One of the most beautiful moments in this year’s Christmas Revels is a song to the moon, “The Traveller’s Prayer.” It’s by John Renbourn, an English songwriter who died last March at the age of 70.
The moon is a wonder. It travels around us slowly, making one circuit a month, turning at the same time, so the same side always faces our way. Here in the city, I can comfortably ignore it most of the time, and I usually do.
But this fall, as the days were getting shorter, I happened to spot it one evening as I was walking home. “Praise to the Moon, bright queen of the skies,” I heard, in my head. I sang as I walked, watching it rise over the trees of my neighborhood. For that moment, this song I was learning reminded me to look up, admire that cool, reflected light, and think of people through the ages who have watched that same moon on its travels around the earth.
The English robin and the North American robin share a name, but ours is a large, sturdy bird, while the British one is a sweet, fat little bird with a little less red and a pretty dab of gray. In The Secret Garden, the bird that shows Mary Lennox the way into the garden is a robin, and I have always wanted one as a friend myself.
The last time I was in Britain, I saw robins often, perched on a fencepost or singing from the top of a bush. I almost always caught myself singing the song “Ah Robin,” which we sang in the 2007 Christmas Revels. I suspect this song is about a man named Robert, not a bird, but it came to mind anyway.
Swallows streaked by at fence-level, wings swept back like tiny fighter jets. “Bring back the roses to the dells/The swallow from her distant clime/The honeybee from drowsy cells,” I sang to myself.
The ecosystem I know best is that of the Washington area; I know what our swallows and robins are like. But a lot of the songs we sing in Revels were originally about spring and landscapes that have been farmed intensively for centuries, in a country on the other side of the sea. For the first time, I was seeing all of these birds in the ecological context where the songs were born, where my distant British ancestors might have seen them.
By the way: England’s blackbird is a thrush, a different family from our creaking New World blackbirds. They sing from the bushes, too, and can only bring to mind one song.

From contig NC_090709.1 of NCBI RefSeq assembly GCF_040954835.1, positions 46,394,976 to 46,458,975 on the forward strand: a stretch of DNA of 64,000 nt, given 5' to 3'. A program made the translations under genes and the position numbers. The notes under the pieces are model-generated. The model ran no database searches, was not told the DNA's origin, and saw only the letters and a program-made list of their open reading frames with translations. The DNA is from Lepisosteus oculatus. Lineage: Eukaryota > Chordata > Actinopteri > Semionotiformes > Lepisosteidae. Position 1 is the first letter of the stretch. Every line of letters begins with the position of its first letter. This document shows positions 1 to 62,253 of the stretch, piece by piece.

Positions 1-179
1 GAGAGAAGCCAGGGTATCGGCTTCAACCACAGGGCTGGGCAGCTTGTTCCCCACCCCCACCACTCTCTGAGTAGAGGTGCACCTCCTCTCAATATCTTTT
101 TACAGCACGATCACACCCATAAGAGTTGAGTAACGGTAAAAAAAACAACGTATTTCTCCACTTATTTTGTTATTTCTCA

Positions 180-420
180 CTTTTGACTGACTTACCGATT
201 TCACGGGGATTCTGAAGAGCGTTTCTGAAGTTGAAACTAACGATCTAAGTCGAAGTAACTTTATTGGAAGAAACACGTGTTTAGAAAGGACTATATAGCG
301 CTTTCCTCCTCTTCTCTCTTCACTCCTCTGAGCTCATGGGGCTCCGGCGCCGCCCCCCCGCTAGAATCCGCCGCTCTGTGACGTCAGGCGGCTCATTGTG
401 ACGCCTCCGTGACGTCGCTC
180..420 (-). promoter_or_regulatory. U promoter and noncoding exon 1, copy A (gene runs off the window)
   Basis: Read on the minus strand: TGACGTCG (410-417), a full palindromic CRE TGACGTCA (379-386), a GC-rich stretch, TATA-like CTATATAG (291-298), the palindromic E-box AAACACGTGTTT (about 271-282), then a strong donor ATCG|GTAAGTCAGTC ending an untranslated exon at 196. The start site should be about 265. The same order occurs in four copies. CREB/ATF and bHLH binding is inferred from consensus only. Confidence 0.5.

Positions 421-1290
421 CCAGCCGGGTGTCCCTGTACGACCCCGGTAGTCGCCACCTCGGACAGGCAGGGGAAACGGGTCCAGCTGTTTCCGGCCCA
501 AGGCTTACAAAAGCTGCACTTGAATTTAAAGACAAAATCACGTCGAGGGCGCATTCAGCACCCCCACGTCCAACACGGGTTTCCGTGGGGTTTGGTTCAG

Photo: By David Croad (Own work) [CC BY 3.0 (http://creativecommons.org/licenses/by/3.0)], via Wikimedia Commons
I walked along the edge of a cliff. To my right, a hundred-foot drop to the waters of the English Channel. A strong wind blew off the water and over the cliff. To my left were spring-green fields. High above the waves of grain hung a skylark, twittering relentlessly.
On the ground, a skylark isn’t a very memorable bird. It’s brown, with a little crest of feathers on top of its head. A skylark in the sky, though, is quite impressive. It flaps madly, a fluttering speck against the cloudy white sky. As they hover and swoop, they emit a constant stream of notes. The song goes on and on and on.
The skylark made me think of a lyric from a song we often sing in the May Revels: “Up flies the kite; down falls the lark-o.” It’s part of the Padstow May Song, a tradition from the village of Padstow, 70 miles due west of the cliff where I heard the larks.
One of my walking companions was another Reveler, Liza Lester, and together we started the song: “Unite and unite, now let us unite, for summer is a-coming today!” Arms outstretched, we sang through the verses as well as we could remember them, dancing along the grassy clifftop path.
As we continued our walk toward Sidmouth, we passed from one skylark’s flapping-ground to the next, on and on above the cliffs. They sang and sang and sang.
Now isn’t the season for skylarks, though; it’s the season for staying inside and thinking about walks and birds, and looking forward to the dawning of the new year.
In one of Washington Revels’ most-performed songs, “Country Life,” we sing: “I like to rise when the sun she rises, early in the morning/I like to hear them small birds singing, merrily upon their laylums.” A laylum is probably a bit of fallow land—it doesn’t matter; it’s a place where birds sing. Cheerful and bright, the song continues through the agricultural year. “In spring we sow, at the harvest mow; and that is how the seasons ‘round they go.”
Much of what we do at Washington Revels is rooted in the seasons. Spring is the star of our May Revels. During the hot days of summer, we march and sing in local parades. In our after-school workshops, children explore how people down the ages have interpreted the seasons in music, dance and drama.